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October 1969


Author Affiliations

7440 Amboy Rd Staten Island, NY 10307

Arch Dermatol. 1969;100(4):487. doi:10.1001/archderm.1969.01610280105022

To the Editor.—  Increasing pigmentation has been reported with a variety of medications. If such a tendency exists with psychotherapeutic drugs, this complication will probably appear. They are, necessarily, used in large doses for long periods of time.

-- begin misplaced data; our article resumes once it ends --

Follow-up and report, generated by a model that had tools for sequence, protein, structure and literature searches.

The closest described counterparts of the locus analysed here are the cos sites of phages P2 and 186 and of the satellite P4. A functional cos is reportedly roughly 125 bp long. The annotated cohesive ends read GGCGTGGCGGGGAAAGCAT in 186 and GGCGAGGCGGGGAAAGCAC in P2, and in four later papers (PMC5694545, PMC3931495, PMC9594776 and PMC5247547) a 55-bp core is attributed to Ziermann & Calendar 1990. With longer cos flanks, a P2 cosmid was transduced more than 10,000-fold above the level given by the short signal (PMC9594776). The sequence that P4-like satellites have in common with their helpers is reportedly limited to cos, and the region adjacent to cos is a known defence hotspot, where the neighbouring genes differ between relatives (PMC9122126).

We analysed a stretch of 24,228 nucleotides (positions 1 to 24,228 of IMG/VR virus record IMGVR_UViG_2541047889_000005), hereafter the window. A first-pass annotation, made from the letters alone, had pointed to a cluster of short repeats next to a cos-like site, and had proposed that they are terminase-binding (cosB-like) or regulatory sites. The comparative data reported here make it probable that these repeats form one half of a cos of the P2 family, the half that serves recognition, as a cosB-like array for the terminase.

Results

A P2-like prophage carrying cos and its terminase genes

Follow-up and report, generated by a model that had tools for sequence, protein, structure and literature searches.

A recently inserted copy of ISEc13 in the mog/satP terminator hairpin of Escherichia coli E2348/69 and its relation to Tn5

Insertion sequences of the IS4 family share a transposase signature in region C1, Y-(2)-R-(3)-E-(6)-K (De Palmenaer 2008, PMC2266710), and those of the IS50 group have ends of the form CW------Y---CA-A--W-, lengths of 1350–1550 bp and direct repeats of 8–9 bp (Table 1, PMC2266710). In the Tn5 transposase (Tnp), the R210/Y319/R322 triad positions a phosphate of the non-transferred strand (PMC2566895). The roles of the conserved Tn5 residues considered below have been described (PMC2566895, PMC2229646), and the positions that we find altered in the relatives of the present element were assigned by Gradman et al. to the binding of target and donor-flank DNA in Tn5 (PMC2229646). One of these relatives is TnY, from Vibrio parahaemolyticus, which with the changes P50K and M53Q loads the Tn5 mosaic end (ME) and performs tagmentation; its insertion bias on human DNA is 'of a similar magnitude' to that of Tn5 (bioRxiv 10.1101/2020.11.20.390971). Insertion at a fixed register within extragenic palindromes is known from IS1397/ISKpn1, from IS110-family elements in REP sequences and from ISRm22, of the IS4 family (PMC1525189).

Report of a Case.—  This report concerns a 40-year-old white woman with a long history of neurotic complaints. Three years earlier she had been placed on 300 mg/day thioridazine hydrochloride (Mellaril). On this regime she improved sufficiently so that she could carry on with her work with only a moderation of inconvenience and few symptoms. The latter included "restless legs" and a considerable degree of insecurity which required endless reassurance.Early in June she was observed to be deeply pigmented about the face. She had not yet taken her yearly vacation so that prior sun exposure was only moderate. While the pigmentation was more marked on exposed areas it was also present